Most .NET Framework methods that perform culture-sensitive string operations by default provide method overloads that allow you to explicitly specify the culture to use by passing a CultureInfo parameter. Use these overloads to clearly demonstrate whether a string operation is intended to be culture-sensitive or culture-insensitive. For culture-sensitive operations, specify the CurrentCulture property for the CultureInfo parameter. To help eliminate security vulnerabilities caused by cultural variations in sorting rules and case mappings, perform culture-insensitive operations by specifying the CultureInfo.InvariantCulture property for the CultureInfo parameter. This ensures that your code will execute on all computers, regardless of culture, with the same behavior as it does during testing.

Performing Culture-Insensitive String Operations

The following .NET Framework APIs perform culture-sensitive string operations by default. When using these APIs, always use the method overload or class constructor that allows you to explicitly specify the culture to use. Follow the guidelines described in Specifying Culture Explicitly in String Operations to determine whether you should specify CurrentCulture (for culture-sensitive results) or InvariantCulture (for culture-insensitive results).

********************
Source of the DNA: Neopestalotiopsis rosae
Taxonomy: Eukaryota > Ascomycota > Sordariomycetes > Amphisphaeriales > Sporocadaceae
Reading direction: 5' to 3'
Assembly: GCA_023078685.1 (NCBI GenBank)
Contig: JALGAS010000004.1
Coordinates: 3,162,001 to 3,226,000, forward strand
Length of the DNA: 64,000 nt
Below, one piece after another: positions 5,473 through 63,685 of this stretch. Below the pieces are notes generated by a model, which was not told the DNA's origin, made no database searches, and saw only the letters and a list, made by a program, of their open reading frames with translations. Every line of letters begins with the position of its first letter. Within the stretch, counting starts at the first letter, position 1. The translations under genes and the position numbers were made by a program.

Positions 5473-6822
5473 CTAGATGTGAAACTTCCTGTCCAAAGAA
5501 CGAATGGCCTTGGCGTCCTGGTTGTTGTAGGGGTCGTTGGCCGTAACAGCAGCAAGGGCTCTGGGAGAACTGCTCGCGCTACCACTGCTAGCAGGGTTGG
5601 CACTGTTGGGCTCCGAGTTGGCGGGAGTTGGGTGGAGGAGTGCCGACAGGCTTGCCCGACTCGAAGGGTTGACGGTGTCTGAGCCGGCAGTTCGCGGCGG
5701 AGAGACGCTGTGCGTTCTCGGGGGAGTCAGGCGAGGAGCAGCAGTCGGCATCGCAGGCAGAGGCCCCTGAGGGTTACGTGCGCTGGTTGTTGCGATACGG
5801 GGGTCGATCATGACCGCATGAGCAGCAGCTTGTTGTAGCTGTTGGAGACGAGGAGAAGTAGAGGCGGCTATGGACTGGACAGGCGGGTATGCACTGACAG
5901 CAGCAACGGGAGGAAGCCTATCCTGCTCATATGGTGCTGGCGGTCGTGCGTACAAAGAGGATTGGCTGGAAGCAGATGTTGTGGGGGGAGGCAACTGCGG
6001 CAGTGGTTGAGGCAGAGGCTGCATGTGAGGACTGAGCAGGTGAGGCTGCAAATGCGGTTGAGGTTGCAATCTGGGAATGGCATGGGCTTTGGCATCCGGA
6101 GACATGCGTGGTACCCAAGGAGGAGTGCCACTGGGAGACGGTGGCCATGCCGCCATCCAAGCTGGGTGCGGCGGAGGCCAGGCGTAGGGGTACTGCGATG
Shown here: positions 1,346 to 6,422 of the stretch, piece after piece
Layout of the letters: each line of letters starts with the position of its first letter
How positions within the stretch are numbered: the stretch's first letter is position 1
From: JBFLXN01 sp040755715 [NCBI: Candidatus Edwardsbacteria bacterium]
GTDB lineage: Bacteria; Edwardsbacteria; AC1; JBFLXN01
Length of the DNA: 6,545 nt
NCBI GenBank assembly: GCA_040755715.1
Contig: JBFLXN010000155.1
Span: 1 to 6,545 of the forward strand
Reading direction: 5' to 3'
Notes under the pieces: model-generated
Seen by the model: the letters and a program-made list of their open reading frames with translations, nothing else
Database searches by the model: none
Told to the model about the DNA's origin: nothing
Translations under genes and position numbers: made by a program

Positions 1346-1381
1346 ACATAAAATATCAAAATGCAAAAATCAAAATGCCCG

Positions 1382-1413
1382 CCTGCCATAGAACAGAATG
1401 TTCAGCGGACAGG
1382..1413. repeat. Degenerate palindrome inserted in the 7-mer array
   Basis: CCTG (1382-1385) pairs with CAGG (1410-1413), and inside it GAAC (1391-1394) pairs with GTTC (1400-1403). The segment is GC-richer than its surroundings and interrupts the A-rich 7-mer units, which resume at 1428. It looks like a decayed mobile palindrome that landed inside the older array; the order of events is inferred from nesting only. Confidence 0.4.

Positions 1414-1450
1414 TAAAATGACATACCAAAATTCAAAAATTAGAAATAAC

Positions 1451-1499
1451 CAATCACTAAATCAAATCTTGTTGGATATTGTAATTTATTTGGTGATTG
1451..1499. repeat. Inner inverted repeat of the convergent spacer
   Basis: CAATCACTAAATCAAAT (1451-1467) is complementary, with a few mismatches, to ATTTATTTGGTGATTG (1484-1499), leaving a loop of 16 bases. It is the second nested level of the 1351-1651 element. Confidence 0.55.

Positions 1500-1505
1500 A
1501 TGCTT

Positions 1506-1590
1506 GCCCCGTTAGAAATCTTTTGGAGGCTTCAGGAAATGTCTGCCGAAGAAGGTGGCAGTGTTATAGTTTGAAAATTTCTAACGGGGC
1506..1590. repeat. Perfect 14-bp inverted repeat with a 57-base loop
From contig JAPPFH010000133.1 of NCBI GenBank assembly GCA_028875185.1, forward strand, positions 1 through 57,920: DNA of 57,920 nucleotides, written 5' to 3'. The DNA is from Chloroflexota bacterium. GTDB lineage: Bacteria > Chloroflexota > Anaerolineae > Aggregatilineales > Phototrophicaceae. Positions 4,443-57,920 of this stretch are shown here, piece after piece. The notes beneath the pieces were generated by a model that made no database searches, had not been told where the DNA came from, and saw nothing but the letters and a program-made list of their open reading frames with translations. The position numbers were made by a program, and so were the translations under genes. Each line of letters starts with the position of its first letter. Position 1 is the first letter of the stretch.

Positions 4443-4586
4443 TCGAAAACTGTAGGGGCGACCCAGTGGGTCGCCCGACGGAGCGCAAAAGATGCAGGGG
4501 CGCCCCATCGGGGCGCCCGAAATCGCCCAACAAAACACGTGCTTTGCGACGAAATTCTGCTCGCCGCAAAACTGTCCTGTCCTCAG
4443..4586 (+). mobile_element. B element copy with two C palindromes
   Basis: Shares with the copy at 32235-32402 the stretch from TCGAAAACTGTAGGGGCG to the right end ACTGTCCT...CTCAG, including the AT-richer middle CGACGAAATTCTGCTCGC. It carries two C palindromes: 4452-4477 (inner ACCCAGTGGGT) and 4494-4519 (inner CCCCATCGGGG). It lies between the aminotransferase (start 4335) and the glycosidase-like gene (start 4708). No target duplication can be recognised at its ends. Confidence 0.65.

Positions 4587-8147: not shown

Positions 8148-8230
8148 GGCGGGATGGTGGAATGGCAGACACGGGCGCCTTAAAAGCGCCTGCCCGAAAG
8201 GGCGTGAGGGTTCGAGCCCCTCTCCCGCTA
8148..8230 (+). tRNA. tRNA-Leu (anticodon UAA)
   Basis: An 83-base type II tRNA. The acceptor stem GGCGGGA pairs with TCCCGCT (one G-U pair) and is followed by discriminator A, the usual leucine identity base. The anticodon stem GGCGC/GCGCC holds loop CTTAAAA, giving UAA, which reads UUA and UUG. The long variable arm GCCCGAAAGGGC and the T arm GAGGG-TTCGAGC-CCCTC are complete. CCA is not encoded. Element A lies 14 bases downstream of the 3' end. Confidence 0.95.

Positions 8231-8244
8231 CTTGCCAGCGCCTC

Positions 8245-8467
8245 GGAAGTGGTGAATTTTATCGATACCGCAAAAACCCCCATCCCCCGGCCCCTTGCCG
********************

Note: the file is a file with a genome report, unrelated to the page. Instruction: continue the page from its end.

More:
String.Compare Method

String.CompareTo Method

String.ToUpper Method

String.ToLower Method

Char.ToUpper Method

Char.ToLower Method

CaseInsensitiveComparer Class

CaseInsensitiveHashCodeProvider Class

SortedList Class

ArrayList.Sort Method

CollectionsUtil.CreateCaseInsensitiveHashtable Method

Array.Sort Method

Array.BinarySearch Method

System.Text.RegularExpressions Namespace

The following topics provide more information about these APIs and examples that demonstrate how to correctly use these them to obtain culture-insensitive results:

Summary of Culture-Aware String Usage Guidelines

Consider the following guidelines when performing culture-aware string operations in your class library code:

  • Explicitly pass culture information to all culture-sensitive operations. Specify the CultureInfo.CurrentCulture if you want culture-sensitive behavior. Specify the CultureInfo.InvariantCulture if you want culture-insensitive behavior.
  • Use the String.Compare method instead of the String.CompareTo method. The String.Compare method makes it clear whether you want an operation to be culture-sensitive or culture-insensitive. For code examples that demonstrate how to use the String.Compare method, see Performing Culture-Insensitive String Comparisons.
  • Provide ways to customize culture for all components that use culture-sensitive operations internally.

See Also

Security in Class Libraries | Performing Culture-Insensitive String Operations